NEW YORK (AP)The New York Islanders acquired Bo Horvat at a critical point in their season, and the veteran center has improved the offense and provided a stabilizing presence amid a flood of injuries to key players.
After a rough stretch in which they lost 10 of 11 games (1-7-3), the Islanders fell five points out of a wild-card spot in the Eastern Conference before they won their last two games prior to the extended bye week and All-Star break.
They were in danger of spiraling out of the postseason picture for a second straight year after consecutive appearances in the semifinal round of the NHL playoffs before president and general manager Lou Lamoriello pulled off the trade to get Horvat from the Vancouver Canucks on Jan. 30.
Horvat, who already had matched last season’s career high of 31 goals before the trade, has five goals and three assists in 11 games with the Islanders to set a new career high with 62 points.
”He’s strong on the puck, great defensively,” Islanders captain Anders Lee said. ”He wins faceoffs. And in the offensive zone and up and down the ice, he has a natural instinct to make plays and score goals. That’s why he’s had success in this league for a long time. … He brings a really calm presence around everybody.”
The Islanders are 6-3-2 since the trade and have moved into the East’s top wild-card spot, trailing the New York Rangers by eight points for third place in the Metropolitan Division. The Rangers have played three fewer games.
Horvat’s presence has helped the offense overcome injuries to forwards Jean-Gabriel Pageau, Josh Bailey and – the latest – star center Mathew Barzal, who is sidelined indefinitely.
Horvat began playing on the top line with Barzal and Bailey before Anders Lee replaced Bailey. After Barzal’s injury, Matt Martin was moved up to join Horvat and Lee. Since moving up to join their new teammate, Lee has three goals and three assists in six games and Martin has chipped in with three assists in four games.
”Just trying to get open for everybody out there and try to create space,” Horvat said. ”We just got to continue doing those little things.”
After averaging 2.85 goals per game over their first 52 games, the Islanders have increased it to 3.18 per game since his arrival.
The Islanders were languishing last in the NHL on the power play at 15.5% at the All-Star break after going 0 for 25 over the last 10 games before the trade. Since Horvat’s arrival, they have gone 7 for 30, and he has a goal and an assist with the man advantage.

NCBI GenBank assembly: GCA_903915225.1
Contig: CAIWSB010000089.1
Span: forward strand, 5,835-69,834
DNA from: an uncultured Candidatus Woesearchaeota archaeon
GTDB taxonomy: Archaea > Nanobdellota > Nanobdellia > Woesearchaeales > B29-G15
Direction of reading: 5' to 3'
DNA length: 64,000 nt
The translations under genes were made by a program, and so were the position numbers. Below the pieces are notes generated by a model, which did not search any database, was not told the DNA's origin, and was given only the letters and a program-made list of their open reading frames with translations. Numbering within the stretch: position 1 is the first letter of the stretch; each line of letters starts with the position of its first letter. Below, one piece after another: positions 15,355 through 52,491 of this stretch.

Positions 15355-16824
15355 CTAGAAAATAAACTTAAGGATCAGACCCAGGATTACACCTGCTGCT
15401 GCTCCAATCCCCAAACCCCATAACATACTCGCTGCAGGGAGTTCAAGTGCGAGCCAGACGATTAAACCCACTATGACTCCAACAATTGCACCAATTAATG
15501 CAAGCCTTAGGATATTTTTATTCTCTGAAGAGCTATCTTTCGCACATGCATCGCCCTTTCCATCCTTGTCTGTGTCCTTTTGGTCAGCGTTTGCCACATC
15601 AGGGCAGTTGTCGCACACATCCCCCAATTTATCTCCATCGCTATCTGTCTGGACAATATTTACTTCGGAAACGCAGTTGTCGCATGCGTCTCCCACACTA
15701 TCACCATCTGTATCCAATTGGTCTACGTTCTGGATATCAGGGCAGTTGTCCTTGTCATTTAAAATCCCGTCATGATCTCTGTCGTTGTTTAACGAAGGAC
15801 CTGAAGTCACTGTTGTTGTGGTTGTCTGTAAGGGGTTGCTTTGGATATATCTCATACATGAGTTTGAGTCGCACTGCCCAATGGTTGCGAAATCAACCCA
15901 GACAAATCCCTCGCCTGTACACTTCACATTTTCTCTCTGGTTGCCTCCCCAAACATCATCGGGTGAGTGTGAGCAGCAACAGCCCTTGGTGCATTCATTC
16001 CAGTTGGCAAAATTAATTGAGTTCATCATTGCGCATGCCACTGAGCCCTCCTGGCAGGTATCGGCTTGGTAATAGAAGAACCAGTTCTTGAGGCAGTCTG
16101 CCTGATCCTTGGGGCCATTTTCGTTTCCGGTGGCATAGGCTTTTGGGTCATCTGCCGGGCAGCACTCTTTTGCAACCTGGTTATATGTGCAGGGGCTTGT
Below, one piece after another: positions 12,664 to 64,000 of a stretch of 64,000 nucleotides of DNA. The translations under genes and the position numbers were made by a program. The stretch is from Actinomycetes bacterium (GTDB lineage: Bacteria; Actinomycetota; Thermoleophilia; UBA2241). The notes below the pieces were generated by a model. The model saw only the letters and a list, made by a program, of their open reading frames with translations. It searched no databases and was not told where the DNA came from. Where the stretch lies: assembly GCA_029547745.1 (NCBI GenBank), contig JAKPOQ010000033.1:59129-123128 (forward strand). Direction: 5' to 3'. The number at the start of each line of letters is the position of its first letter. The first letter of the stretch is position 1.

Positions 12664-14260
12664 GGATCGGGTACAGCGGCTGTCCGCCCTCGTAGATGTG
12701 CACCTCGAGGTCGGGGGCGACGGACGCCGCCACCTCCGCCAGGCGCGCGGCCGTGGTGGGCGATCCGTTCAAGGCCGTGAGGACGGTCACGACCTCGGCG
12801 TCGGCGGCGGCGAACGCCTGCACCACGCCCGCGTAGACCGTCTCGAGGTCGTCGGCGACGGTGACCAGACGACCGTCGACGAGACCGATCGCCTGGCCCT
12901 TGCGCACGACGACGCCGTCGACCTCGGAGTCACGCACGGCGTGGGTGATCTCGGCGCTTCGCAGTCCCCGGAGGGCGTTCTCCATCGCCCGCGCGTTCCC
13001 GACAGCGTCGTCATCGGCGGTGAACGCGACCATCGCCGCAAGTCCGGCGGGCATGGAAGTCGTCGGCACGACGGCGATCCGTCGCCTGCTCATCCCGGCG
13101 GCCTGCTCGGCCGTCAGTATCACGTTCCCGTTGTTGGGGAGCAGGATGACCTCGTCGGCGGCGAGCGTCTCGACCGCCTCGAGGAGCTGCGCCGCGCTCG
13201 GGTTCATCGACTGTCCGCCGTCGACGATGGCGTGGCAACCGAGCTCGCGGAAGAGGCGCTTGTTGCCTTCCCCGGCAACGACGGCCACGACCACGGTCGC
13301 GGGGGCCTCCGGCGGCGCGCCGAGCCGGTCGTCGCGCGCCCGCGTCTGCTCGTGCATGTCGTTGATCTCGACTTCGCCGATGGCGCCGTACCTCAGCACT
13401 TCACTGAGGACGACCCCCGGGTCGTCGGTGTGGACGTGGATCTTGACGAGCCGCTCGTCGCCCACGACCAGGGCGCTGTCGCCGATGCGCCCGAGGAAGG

”I think we’re just getting a little more zone time, we’ve been better in the break ins,” defenseman Noah Dobson said. ”Once we got in the zone, we’ve had good looks. Just getting in the zone, we’ve done a better job of that and I think we’re attacking a little more and executing our plays.”
In New York’s 4-0 win at Winnipeg on Sunday, Horvat came through on the penalty kill as he scored a short-handed goal – his fourth of the season to tie Chicago’s Sam Lafferty and Vegas’ Reilly Smith for the league lead.
Horvat is second on the team in ice time since the trade – averaging just over 21 minutes per game – trailing defenseman Adam Pelech, and he has won 54.2% of his faceoffs to stabilize a team that has ranked 15th in the league this season.
”Adding Bo was a big addition for us,” said Pageau, who has been the Islanders’ leader in faceoffs at 56.5% this season. ”He’s not only winning draws on the power play, he’s really good at tipping the puck, getting in the open area and finishing. He’s got a great shot and he’s good at retrieving the puck also. He’s got it all.”
The Islanders have just 19 games remaining – the fewest in the NHL. Pittsburgh, which holds the second wild card, is two points back but has played four fewer games. Buffalo and Detroit are just outside wild-card positions, are three and five points behind New York, respectively, and both have played five fewer games.
”For us, it’s just important to worry about ourselves,” Dobson said. ”Every single game there’s two points available and we got to try to go get them. Once you’re in this spot, if you keep winning it’s hard for teams to catch you.”
Freelance writer Allan Kreda contributed to this report.
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